Who was Joséphine Baker?

Josephine Baker

Who was Joséphine Baker?  You may have seen a recent news story that she is going to be interred in the Panthéon, but didn’t know why this is a big deal.  It’s an interesting story and definitely something you may want to discuss in your French classes if you like to do current events. Joséphine Baker was a singer and musician who was born and raised in Missouri during a very bad time for African-Americans. 

She was talented and her parents were performers – but they didn’t want her to follow in their footsteps.  She got married for the first time at 13, divorced, and married again at 15.  She ran off to New York to pursue a singing career and eventually made her way to France. 

Baker became a very popular performer in France for both her dancing and singing talent.  She became a French citizen and helped to spy for the French forces during the second world war.  She later returned to the USA and became involved in the US civil rights movement – she was asked to take over after Martin Luther King Jr was assassinated, but turned down the offer because she was worried that if something happened to her, her adopted children would be left without a parent.  She had adopted 12 children and called them her “rainbow tribe.”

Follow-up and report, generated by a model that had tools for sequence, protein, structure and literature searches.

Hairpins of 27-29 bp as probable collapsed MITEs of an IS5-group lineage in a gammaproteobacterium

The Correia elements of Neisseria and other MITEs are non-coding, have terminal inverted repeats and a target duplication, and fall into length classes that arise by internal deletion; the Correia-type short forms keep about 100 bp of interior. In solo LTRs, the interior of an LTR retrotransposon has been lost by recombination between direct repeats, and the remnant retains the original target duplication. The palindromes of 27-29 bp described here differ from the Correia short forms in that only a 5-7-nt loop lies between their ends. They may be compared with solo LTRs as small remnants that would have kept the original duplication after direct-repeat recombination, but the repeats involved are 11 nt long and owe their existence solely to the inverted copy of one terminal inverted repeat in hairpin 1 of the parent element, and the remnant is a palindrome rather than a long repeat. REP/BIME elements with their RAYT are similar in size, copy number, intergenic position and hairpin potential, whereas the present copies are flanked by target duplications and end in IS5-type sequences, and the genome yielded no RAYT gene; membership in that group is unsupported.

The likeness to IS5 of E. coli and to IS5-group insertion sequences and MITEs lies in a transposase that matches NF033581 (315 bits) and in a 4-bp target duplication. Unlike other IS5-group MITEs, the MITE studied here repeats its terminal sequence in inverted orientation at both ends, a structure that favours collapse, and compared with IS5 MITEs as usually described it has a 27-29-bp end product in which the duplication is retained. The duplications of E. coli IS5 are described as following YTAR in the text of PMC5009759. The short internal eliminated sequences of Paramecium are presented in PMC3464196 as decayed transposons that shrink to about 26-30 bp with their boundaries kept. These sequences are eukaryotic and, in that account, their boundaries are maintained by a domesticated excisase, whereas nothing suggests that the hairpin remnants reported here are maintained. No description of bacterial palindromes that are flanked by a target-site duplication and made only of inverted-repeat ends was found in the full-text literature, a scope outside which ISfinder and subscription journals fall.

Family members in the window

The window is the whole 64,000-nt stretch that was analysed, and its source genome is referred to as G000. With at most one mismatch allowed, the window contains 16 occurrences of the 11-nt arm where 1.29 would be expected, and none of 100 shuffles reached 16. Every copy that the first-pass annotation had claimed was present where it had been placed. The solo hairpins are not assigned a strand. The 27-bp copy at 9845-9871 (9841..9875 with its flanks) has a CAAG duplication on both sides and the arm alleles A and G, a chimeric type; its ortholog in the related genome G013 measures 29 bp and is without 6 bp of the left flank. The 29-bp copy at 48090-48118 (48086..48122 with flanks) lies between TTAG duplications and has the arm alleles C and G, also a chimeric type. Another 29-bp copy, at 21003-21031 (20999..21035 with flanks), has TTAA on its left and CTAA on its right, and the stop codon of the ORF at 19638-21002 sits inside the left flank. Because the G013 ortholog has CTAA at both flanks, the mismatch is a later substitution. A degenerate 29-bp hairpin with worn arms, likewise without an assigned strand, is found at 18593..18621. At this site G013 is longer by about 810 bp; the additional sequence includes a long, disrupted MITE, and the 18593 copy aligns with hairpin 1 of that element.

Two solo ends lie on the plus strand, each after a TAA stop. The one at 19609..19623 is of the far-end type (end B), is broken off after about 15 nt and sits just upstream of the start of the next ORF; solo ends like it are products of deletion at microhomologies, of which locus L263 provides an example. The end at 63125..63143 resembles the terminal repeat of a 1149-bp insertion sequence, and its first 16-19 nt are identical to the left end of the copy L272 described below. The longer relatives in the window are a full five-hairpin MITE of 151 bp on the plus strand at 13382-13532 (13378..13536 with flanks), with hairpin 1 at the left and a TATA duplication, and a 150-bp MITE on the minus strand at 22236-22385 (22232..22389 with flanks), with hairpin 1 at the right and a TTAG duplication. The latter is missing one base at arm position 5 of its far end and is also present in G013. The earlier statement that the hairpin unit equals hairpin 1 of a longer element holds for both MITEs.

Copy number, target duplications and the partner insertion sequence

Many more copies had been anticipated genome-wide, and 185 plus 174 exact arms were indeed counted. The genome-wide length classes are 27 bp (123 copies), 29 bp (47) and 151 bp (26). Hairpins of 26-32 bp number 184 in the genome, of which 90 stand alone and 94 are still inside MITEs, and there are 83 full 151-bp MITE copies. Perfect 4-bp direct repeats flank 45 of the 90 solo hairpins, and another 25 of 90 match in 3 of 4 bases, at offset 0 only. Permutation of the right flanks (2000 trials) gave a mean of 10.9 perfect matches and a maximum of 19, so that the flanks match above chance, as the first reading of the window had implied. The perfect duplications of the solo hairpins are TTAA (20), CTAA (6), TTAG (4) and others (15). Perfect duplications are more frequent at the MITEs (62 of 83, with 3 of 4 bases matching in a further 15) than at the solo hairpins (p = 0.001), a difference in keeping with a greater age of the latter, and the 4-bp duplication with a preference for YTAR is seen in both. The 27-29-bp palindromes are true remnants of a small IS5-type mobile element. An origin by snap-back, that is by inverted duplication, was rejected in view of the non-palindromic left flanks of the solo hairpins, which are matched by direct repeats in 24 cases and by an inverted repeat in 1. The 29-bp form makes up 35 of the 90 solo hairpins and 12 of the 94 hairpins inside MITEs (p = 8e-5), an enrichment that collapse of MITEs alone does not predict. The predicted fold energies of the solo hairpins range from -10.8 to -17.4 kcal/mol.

There is much more to her life and it is definitely worth examining!  If you are interested in reading about her in your classes, I have a non-fiction reading for intermediate and advanced French – updated this morning to include the latest news!

Who was Joséphine Baker?

Josephine Baker in the news

This morning, it was announced that Baker would be interred in the Panthéon on November 30, 2021.  This is a HUGE honor, and Baker will be the first Black woman to be interred there, and only the 6th woman overall.  The Panthéon is reserved for the heroes and heroines of France and the President of France makes the final decision about who will be added. 

A petition was presented to Macron asking for Baker to be considered, and he granted the request – not for her career as a performer, but her work as a member of the resistance.  She has already been awarded the Croix de Guerre and was named a Chevalier of the Legion d’honneur.  She was originally buried in Monaco after her death in 1975, wearing her military uniform and medals.

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